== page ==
Book Review – MURDER ON A MIDSUMMER NIGHT (Phryne Fisher) by Kerry Greenwood

Murder on a Midsummer Night by Kerry GreenwoodMurder on a Midsummer Night Synopsis

Melbourne, 1929. The year starts off for glamorous private investigator Phryne Fisher with a rather trying heat wave and more mysteries than you could prod a parasol at. Simultaneously investigating the apparent suicide death of a man on St Kilda beach and trying to find a lost, illegimate child who could be heir to a wealthy old woman’s fortune, Phryne needs all her wits about her, particularly when she has to tangle with a group of thoroughly unpleasant Bright Young Things. But Phryne Fisher is a force of nature, and takes in her elegant stride what might make others quail, including ghosts, Kif smokers, the threat of human sacrifices, dubious spirit guides, and maps to buried pirate treasure… (TheNile)

BOOK REVIEW

I was fortunate enough to first make Phryne Fisher’s acquaintance last year when I read and thoroughly enjoyed Queen of the Flowers. Now I am really bad at reading series, so of course I started with the 14th novel in the series. I have now jumped to Phryne’s 17th outing, Murder on a Midsummer Night. The great thing about these novels is they read well in isolation, with Kerry Greenwood providing sufficient back story for the reader to understand the relationship, but not so much to be annoying to a Phryne devotee.

In Phryne Fisher Kerry Greenwood has crafted such a feisty, forthright and fun character – she is addictive.

Murder on a Midsummer Night presents two very compelling and intertwined mysteries that provide plenty of roles for Phryne’s colourful extended family to play in the investigation. I found Phryne’s sister and her companion a particularly charming addition to the troupe. Through Phryne’s interaction with her sister we also learn more about Phryne’s childhood. I felt the Murder on a Midsummer Night storylines were stronger than those of Queen of the Flowers.

I listened to the audio version of Murder on a Midsummer Night and found it highly entertaining. Narrator Stephanie Daniel does a wonderful job portraying the sassy and sexy Phryne along with Greenwood’s raft of other colourful characters.  I will definitely be going back for more Phryne in audio from this talented narrator.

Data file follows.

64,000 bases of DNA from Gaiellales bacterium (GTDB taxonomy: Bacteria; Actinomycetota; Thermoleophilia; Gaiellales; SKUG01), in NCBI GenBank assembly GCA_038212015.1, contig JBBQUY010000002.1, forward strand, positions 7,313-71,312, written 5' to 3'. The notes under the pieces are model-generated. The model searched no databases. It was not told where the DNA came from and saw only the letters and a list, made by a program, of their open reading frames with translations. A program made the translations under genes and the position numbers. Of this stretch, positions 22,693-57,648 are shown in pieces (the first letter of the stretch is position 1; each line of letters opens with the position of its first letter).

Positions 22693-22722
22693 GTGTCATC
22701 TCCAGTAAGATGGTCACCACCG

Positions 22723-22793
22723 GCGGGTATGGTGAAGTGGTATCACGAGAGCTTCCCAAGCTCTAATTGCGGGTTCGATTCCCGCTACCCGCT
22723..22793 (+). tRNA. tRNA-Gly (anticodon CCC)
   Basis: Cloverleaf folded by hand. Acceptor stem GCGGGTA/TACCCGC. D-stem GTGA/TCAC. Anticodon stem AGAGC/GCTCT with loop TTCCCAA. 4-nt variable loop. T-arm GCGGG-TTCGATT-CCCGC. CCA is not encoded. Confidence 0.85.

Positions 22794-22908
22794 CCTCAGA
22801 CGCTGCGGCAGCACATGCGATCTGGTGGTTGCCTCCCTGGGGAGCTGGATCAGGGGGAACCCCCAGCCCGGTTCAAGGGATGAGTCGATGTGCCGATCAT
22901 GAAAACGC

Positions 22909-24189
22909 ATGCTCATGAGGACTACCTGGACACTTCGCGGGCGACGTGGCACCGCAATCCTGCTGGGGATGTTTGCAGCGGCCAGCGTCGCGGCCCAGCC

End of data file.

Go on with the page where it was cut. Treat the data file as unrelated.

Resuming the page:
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If you’re ever in need of a pick-me-up I recommend a good dose of Phryne Fisher and her family. She does what she wants, while doing good for others. She is smart and refined, yet is not one to ride side-saddle (either literally or metaphorically). She consumes food and wine to make your mouth water and meets the most interesting people. Oh, and she’s never too busy to have an afternoon snooze – handsome companion optional!

There is a real treat for Phryne Fisher fans coming soon: The Miss Fisher’s Murder Mysteries series (13 x 1hr) based on  Kerry Greenwoods novels has just been filmed and will be shown on ABC in 2012.

BOOK RATING: The Story 4.5 / 5 ; The Writing 4 / 5

BOOK DETAILS:  Murder on a Midsummer Night (TheNile – Australia); Murder on a Midsummer Night (Audible); Murder on a Midsummer Night (Amazon); Murder on a Midsummer Night (Kobobooks – epub)

Genre: Historical, Mystery, Crime-Detective, Humour, Audio

Author Information: Kerry Greenwood has a brilliant website, or sorry, more correctly a webpage within Phryne Fisher’s website – check it out. There along with all her novels you can find a very helpful listing of Phryne Fisher’s friends.

Other reviews of Phryne Fisher Mystery, Murder on a Midsummer Night: AustCrime ; Mysteries in Paradise ; Spinetingler ; Page Turners

Other titles by Kerry Greenwood : The latest novel in the Phryne Fisher series, her 18th novel, is Dead Man’s Chest. Greenwood is also the author of the Corinna Chapman series - talented baker and sometimes investigator.

This review forms part of my participation in the Aussie Author Challenge 2011. Check out the Aussie Author Challenge 2012 sign up page.

Comments

  1. says

    I’ve never heard of this series before but it sounds awesome. I’m like you in that I don’t tend to follow series very well. Luckily these ones are readable in isolation!

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